- The lockdown may last longer than 21 days. Many countries are now extending their lockdowns and when lockdown restrictions are loosened, it will only be gradual. It will be a long time before we are back to
- Expect the hit on our economy to be hard, very hard. Analysts are predicting between -3% and -7% GDP decline for 2020. Fortunately, most see it recovering next year, between 3-5%.
- Get used to volatility. While nobody can call the bottom of the equity markets, the extreme selling we saw 10 days ago when the ALSI hit 37000, was apparently, at least in the US markets, exaggerated by leveraged players cutting positions. $7 trillion was wiped off global equity markets since the selloff Thus far, this has been the fastest selloff since the Great Depression.
- Expect our number of infections and deaths to increase We, like the rest of the world, and even more so, do not have anywhere near the potentially required ICU beds and ventilators that would be necessary should our numbers rise unchecked. The problem is compounded by the fact that COVID-19 patients shouldn’t be housed in the same ICU wards as other patients. Medical experts predict our high-risk period to start around 8 – 10 April, at between 6-7000 infected people.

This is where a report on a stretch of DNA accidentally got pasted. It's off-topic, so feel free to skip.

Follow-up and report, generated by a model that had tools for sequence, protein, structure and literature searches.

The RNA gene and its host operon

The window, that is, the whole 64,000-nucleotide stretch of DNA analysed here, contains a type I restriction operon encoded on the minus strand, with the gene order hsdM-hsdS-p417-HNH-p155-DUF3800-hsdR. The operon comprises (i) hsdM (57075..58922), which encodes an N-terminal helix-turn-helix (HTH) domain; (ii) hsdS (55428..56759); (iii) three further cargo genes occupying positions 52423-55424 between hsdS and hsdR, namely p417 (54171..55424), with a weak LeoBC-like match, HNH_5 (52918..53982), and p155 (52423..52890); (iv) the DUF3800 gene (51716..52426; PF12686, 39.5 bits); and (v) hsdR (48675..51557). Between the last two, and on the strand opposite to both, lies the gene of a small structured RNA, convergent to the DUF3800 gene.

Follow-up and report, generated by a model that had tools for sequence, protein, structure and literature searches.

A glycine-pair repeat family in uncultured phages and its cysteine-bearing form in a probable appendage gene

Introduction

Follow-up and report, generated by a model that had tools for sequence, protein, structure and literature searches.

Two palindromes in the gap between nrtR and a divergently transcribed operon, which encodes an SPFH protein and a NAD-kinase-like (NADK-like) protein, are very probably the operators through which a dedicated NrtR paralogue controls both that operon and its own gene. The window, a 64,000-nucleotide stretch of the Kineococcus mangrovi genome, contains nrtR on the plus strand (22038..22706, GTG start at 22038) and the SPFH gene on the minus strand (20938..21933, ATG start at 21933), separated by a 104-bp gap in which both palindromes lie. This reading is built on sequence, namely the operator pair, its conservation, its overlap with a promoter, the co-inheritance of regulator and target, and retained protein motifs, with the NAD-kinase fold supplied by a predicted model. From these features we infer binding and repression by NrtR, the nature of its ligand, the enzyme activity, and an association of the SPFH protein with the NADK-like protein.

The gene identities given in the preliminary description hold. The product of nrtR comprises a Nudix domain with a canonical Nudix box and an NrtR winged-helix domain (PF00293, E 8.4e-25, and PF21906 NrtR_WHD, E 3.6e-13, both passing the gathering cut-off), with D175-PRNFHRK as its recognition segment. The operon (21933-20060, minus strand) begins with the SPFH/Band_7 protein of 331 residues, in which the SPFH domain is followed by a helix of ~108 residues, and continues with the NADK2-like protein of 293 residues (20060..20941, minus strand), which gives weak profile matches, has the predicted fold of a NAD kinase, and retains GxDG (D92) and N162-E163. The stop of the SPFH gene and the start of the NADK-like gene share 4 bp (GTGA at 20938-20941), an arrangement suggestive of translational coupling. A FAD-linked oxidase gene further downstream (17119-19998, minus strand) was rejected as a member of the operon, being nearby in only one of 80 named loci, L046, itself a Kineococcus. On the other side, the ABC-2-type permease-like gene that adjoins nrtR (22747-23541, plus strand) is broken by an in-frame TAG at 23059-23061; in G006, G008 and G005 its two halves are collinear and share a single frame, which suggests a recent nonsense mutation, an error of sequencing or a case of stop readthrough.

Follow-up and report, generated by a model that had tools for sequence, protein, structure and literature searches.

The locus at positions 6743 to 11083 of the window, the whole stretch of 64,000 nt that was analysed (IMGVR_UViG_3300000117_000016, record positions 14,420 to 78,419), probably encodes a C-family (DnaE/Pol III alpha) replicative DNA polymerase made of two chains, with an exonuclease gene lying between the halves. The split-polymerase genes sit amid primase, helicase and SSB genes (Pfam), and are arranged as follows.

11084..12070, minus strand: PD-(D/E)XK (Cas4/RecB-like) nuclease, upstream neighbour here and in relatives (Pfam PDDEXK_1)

- Don’t expect a vaccine anytime The shortest expected timeframe by when a vaccine can be expected ranges between 12 and 18 months. Even then, it will be a while before it is produced in the requisite numbers. Of course, the Chinese may well surprise the world with one, as they probably have the ability to expedite trials. As RMB Morgan Stanley commented recently, it’s over 30 years and 30 million deaths since AIDS arrived and there’s still no approved vaccine.